Krems. Preserving the exceptional universal value of UNESCO World Heritage sites requires effective management and protection strategies. Natural disasters, wars and other man-made threats may devastate cultural properties, potentially causing irreversible loss. Strategies are therefore needed to minimise the negative impact of disasters.
The 1954 Hague Convention for the Protection of Cultural Property in the Event of Armed Conflict and its two Protocols provide a range of measures to prevent or minimise harmful effects on cultural heritage. These measures are not only applicable in times of conflict, but also make an important contribution to the day-to-day management of cultural property.
Focus on implementation of the Hague Convention
The Summer Academy will focus on the practical implementation of the provisions of the 1954 Hague Convention using examples of World Heritage Sites or Sites in Preparation for inscription on the World Heritage List. Particular attention will be paid to the relation between the specific needs and requirements of World Heritage Sites and the cultural institutions located within them, such as museums, archives and libraries, and the procedures, methods and technical possibilities to be applied. In addition, the Summer Academy will take into account intangible aspects such as local experience and knowledge in risk reduction and disaster management.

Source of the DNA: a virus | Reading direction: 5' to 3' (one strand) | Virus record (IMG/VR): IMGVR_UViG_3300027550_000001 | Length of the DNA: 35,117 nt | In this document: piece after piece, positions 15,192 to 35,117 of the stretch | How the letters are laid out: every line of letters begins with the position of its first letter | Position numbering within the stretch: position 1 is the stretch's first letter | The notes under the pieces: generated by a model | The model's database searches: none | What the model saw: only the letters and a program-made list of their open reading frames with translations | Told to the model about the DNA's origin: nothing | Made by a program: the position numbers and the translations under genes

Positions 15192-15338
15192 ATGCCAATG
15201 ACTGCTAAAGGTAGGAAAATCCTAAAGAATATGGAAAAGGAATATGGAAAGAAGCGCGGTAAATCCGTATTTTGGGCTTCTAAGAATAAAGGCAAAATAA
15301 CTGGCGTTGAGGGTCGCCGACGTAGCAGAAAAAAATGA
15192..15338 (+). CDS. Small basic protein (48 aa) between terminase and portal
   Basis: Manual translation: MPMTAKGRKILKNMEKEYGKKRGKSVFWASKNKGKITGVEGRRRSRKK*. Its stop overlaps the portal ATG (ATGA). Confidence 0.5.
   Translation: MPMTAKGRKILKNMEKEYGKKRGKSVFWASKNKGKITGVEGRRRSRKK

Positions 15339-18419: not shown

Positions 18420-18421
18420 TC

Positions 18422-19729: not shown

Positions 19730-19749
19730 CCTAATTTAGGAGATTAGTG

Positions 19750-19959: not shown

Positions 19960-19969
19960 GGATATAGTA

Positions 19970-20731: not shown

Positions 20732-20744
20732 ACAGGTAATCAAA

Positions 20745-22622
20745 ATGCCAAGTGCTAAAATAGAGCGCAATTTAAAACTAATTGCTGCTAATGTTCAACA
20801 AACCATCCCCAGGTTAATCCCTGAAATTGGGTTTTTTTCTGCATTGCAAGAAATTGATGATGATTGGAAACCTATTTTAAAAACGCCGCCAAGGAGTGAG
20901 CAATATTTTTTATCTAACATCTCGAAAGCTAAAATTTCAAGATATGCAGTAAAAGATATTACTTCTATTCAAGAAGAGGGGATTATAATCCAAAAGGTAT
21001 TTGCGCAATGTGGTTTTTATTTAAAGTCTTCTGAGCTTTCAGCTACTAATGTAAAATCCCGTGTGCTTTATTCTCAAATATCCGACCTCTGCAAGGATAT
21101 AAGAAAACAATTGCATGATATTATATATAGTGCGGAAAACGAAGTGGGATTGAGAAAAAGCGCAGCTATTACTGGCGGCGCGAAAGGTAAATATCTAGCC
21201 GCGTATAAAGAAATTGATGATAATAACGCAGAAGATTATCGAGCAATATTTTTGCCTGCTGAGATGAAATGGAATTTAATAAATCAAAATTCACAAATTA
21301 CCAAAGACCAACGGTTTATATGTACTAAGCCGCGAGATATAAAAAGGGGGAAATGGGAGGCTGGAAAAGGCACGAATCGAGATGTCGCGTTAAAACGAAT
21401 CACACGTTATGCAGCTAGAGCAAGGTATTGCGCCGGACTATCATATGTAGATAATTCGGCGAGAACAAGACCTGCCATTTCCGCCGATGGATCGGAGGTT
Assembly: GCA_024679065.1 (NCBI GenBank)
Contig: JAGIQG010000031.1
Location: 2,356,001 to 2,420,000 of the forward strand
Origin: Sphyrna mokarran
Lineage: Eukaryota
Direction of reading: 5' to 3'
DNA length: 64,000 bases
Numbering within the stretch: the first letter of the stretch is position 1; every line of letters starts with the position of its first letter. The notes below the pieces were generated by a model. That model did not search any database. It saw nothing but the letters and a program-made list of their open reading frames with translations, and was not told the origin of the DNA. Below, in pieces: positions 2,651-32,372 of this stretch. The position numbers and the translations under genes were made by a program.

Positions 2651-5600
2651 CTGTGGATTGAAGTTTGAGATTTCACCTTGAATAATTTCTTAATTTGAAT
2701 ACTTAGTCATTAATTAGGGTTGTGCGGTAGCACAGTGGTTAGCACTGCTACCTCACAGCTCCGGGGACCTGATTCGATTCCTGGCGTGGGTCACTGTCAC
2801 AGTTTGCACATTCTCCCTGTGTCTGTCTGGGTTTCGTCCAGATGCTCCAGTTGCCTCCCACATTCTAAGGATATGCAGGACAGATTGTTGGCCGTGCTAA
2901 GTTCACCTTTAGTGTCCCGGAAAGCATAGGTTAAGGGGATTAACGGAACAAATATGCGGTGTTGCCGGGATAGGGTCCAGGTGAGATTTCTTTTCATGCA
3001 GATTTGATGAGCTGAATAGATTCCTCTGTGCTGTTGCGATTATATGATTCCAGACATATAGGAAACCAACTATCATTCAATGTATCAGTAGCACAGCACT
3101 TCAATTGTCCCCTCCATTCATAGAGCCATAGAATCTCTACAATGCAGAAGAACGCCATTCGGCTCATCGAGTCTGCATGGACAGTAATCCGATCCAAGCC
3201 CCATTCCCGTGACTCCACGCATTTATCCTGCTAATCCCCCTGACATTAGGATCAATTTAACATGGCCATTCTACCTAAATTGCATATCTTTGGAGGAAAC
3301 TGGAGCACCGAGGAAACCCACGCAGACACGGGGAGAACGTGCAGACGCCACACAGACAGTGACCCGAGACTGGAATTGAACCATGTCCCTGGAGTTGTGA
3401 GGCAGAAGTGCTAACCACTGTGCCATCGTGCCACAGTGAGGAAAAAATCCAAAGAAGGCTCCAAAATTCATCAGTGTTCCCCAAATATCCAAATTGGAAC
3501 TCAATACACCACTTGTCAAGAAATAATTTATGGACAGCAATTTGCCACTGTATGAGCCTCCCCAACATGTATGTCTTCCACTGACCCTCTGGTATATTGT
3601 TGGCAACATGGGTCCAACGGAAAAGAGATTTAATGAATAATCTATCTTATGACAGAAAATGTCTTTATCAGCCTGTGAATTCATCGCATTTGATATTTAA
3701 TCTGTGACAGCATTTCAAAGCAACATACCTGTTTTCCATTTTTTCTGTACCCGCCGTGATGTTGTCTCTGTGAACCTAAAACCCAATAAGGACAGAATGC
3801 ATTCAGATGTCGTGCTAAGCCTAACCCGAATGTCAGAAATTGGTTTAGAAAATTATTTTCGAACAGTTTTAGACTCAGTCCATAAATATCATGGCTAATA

The Summer Academy will be held in English language. The course fee is €550 (€250 for students, members of the armed forces and emergency services), excluding accommodation and meals.
A certificate of attendance will be issued. 6 ECTS points will be awarded for full attendance, preparation of a case study and its presentation at the final public event.
Cultural Property Protection Summer Academy 2015
When: 24th -28th August 2015
Where: Danube University Krems
Dr Karl Dorrek Str. 33